The Buzz

Why the International Community Should Support Taiwan’s Participation in the International Civil Aviation Organization

To align with international aviation safety standards, Taiwan has actively strived to gain participation in the International Civil Aviation Organization. Indeed, for many years, Taiwan has worked with other countries around the globe to improve the quality and efficiency of international air services. Taiwan’s participation in ICAO would lead to closer cooperation in the international civil aviation industry and boost its development, thereby contributing to the ICAO goal of achieving a safe and seamless sky.

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Russia's Lethal Su-35 Fighter vs. America's F-35, F-15 and F-16: Who Wins?

Russia’s Su-35 fighter certainly has western defense outlets buzzing--and for good reason.

Moscow, despite heavy sanctions and an economy that has certainly seen better days, keeps pumping out new combat systems one after another--items like new tanks, submarines, nuclear weapons platforms and more.

While many were indeed designed and planned for ahead of the imposition of sanctions, Russia is clearly making a big effort to modernize its armed forces, especially its air force, and moving past older Soviet platforms. The Su-35 is a good example of such efforts.

The US Army Is Designing Its First Lethal Hand Grenade Since the Vietnam War

Hand grenades are an ancient weapon but hardly irrelevant. There are few devices as brutally effective at killing inside enclosed spaces, such as caves or rooms, than a device such as the U.S. Army’s M67 fragmentation grenade.

The M67 has been around for awhile, being first introduced into service in 1968. And mechanically, it’s little different from the grenades American soldiers lobbed into bunkers during the World Wars. It’s a relic, one still quite practical and useful, that has survived like the M2 Browning machine gun into the 21st century.

Russia's T-14 Armata: What We Know One Year On

Tanks are immensely important to a land power like Russia. Tanks were what allowed the Red Army to counterattack in World War II, forcing back Germany and her allies all the way back to Berlin. Tanks guarded against the forces of reactionary imperialism during the Cold War, and in the post–Cold War era have formed the backbone of Russia's conventional defenses.

The Legend of the Vietnam War’s Mystery Fighter Ace

Col. Nguyen Tomb — or “Toon” — is one of the names immortalized in military aviation, like Baron von Richthofen and Eddie Rickenbacker.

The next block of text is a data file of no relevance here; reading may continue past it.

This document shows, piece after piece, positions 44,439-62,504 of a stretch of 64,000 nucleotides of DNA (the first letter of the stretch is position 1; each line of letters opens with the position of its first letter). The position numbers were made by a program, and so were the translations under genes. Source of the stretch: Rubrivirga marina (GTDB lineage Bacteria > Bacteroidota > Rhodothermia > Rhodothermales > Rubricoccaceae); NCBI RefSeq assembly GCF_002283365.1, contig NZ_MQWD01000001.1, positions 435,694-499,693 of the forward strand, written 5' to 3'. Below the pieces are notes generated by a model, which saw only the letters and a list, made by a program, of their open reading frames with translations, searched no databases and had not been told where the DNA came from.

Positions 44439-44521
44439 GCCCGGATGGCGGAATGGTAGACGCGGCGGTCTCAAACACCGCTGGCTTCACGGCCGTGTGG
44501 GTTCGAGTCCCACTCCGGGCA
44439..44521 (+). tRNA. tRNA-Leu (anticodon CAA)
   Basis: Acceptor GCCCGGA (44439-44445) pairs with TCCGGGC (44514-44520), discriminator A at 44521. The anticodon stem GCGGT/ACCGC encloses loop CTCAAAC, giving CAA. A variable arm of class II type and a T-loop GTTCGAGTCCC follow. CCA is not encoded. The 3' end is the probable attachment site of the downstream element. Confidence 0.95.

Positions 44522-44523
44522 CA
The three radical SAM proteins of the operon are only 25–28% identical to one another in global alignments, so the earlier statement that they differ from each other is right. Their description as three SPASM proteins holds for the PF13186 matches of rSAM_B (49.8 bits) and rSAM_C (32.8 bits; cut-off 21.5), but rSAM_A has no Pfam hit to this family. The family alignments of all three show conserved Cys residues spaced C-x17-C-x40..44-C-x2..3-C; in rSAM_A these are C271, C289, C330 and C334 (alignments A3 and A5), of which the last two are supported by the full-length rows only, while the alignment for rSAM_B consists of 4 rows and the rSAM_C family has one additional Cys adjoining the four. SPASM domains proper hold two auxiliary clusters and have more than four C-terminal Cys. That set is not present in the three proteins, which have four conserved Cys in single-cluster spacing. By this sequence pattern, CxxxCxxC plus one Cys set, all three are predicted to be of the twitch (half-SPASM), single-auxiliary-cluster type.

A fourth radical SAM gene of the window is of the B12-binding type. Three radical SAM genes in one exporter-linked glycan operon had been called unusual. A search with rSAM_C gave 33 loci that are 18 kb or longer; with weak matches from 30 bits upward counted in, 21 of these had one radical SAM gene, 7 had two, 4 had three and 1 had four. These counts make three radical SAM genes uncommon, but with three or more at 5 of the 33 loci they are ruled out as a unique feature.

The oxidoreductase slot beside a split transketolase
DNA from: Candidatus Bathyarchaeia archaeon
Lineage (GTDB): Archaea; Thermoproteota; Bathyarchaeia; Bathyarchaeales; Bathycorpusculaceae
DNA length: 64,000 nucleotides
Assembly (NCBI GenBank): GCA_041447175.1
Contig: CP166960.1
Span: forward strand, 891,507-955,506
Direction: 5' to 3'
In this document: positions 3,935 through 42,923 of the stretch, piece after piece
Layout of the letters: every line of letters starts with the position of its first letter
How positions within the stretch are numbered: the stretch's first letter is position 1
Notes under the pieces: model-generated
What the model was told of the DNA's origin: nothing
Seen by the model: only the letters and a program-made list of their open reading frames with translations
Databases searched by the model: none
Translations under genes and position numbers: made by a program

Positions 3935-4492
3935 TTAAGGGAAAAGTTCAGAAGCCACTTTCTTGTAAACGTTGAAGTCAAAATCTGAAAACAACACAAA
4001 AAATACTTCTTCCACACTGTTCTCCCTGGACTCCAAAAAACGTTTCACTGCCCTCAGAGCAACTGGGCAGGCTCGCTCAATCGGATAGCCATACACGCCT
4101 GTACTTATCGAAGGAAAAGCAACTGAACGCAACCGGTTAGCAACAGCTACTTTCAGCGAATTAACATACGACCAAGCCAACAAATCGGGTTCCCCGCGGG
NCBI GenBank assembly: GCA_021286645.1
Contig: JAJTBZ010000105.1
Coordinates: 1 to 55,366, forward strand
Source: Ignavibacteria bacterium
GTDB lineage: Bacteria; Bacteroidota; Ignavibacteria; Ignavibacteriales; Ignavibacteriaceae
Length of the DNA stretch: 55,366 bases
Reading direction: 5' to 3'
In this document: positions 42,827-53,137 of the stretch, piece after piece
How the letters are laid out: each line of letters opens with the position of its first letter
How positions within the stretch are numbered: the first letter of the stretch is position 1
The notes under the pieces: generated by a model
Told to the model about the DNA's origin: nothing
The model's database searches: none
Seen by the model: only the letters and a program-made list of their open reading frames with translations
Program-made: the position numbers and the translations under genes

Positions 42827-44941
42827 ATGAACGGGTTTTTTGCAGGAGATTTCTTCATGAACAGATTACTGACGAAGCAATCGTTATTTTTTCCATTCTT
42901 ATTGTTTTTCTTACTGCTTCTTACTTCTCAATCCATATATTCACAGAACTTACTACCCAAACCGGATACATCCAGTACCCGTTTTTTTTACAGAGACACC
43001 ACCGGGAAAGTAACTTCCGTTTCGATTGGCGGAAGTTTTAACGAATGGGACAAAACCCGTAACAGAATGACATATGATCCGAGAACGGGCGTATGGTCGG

I first encountered Tomb when I was 10 years old, playing Chuck Yeager’s Air Combat on my dad’s computer. In one mission, you fly against the Vietnamese ace, infamous for having scored 13 air-to-air kills.

Tomb was the only Vietnamese pilot named in the game, and I was curious, like many others before and since, to learn more about this mysterious aviator. The top-scoring American pilots in Vietnam, by comparison, had only five kills each.

China's Military Is Getting Strong (So Why Aren't Chinese Weapons Selling?)

One of the frequent arguments made about China’s 20-year-long military buildup is that its locally produced weapons are better than they used to be. To a certain extent this is true, if hardly surprising. Relatively modern systems, such as the J-10 fighter jet, the Yuan-class submarine, and the Type-99 main battle tank, are certainly superior to the weapons systems they replaced, that is, the J-7, the Ming-class sub, and the Type-59 tank – all basically copies of Soviet weapons dating back to the 1950s. They could not help but be better.

 

Raytheon's Excalibur N5 Round Could Triple the Range of US Navy 'Big' Guns

The Navy is seeking longer-range precision weapons for its deck-mounted “5-inch” guns to better destroy enemy targets, defend maritime forces on the move in combat and support amphibious operations.

Every Navy Cruiser and Destroyer is armed with “5-inch” guns to attack land and sea targets from the deck of a ship. In existence since the 70s, the weapon can be used to attack enemy targets or lay down suppressive fire so that maritime forces can better maneuver or reposition while in battle.

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